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Neurosarcoidosis associated with intracerebral haemorrhage: a challenge in diagnosis and management
  1. Mark Peter Maskery,
  2. Paul N Cooper,
  3. Adrian Pace
  1. Department of Neurology, Salford Royal NHS Foundation Trust, Salford, UK
  1. Correspondence to Dr Adrian Pace, Department of Neurology, Salford Royal NHS Foundation Trust, Salford M6 8HD, UK; adrian.pace{at}


Sarcoidosis is an idiopathic multisystem granulomatous disorder of unknown cause. Nervous system involvement (central and/or peripheral) is uncommon, developing in 5%–10%. The presenting symptoms are variable, reflecting the level of involvement, and frequently fluctuate and progress. Diagnosing neurosarcoidosis in people with previously confirmed systemic disease may be relatively straightforward, but diagnosing primary neurosarcoidosis is challenging. Managing neurosarcoidosis is primarily consensus based; corticosteroid is its mainstay, alongside corticosteroid-sparing agents and emerging novel therapies. We describe a 39-year-old woman who presented with cranial neuropathy. Serial imaging, cerebrospinal fluid sampling and tissue biopsy gave a diagnosis of probable neurosarcoidosis. Her clinical course was complicated by intracerebral haemorrhage following intravenous corticosteroids for neurological relapse. This is a very rare complication of neurosarcoidosis; we discuss its possible causes and suggest ways to reduce its risk.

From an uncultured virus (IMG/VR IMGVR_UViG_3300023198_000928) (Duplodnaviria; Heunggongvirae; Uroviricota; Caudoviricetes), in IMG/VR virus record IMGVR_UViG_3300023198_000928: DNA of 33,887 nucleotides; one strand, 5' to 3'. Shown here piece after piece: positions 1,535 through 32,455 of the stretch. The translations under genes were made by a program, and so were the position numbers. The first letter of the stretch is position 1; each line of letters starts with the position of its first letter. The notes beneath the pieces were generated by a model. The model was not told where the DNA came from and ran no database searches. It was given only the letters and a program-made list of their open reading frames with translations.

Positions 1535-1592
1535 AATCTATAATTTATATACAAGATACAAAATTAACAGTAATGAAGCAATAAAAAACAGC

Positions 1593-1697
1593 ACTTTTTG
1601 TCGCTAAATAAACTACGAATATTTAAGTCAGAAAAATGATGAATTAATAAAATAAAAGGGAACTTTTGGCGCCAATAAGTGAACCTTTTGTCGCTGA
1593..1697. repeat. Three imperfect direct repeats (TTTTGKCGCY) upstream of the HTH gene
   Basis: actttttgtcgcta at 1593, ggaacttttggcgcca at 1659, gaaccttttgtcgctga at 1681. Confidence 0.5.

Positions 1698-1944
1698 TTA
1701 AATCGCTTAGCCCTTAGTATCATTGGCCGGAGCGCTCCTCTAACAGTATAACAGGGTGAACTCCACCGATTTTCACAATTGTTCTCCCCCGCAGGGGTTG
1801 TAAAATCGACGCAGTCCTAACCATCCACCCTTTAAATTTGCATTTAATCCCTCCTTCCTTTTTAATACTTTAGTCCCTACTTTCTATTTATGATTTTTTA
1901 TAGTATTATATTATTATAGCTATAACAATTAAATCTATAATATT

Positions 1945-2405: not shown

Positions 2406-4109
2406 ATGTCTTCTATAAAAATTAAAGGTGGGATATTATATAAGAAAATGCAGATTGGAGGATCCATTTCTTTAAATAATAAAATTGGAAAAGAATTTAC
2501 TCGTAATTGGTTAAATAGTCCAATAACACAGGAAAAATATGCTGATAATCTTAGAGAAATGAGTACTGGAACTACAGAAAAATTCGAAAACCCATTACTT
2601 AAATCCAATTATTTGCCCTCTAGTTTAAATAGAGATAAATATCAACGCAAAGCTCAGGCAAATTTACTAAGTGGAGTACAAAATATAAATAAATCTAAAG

• neuroimmunology
  • stroke

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  • Contributors All the authors made a substantial contribution to conception and design, literature review, drafting of the manuscript and have reviewed and accepted the contents of the manuscript prior to submission.

  • Competing interests PNC was an expert advisor and one of the authors of the National Institute of Health and Care Excellence evidence review of infliximab.

  • Patient consent Obtained.

  • Provenance and peer review Not commissioned; externally peer reviewed. This paper was reviewed by Desmond Kidd, London, UK.

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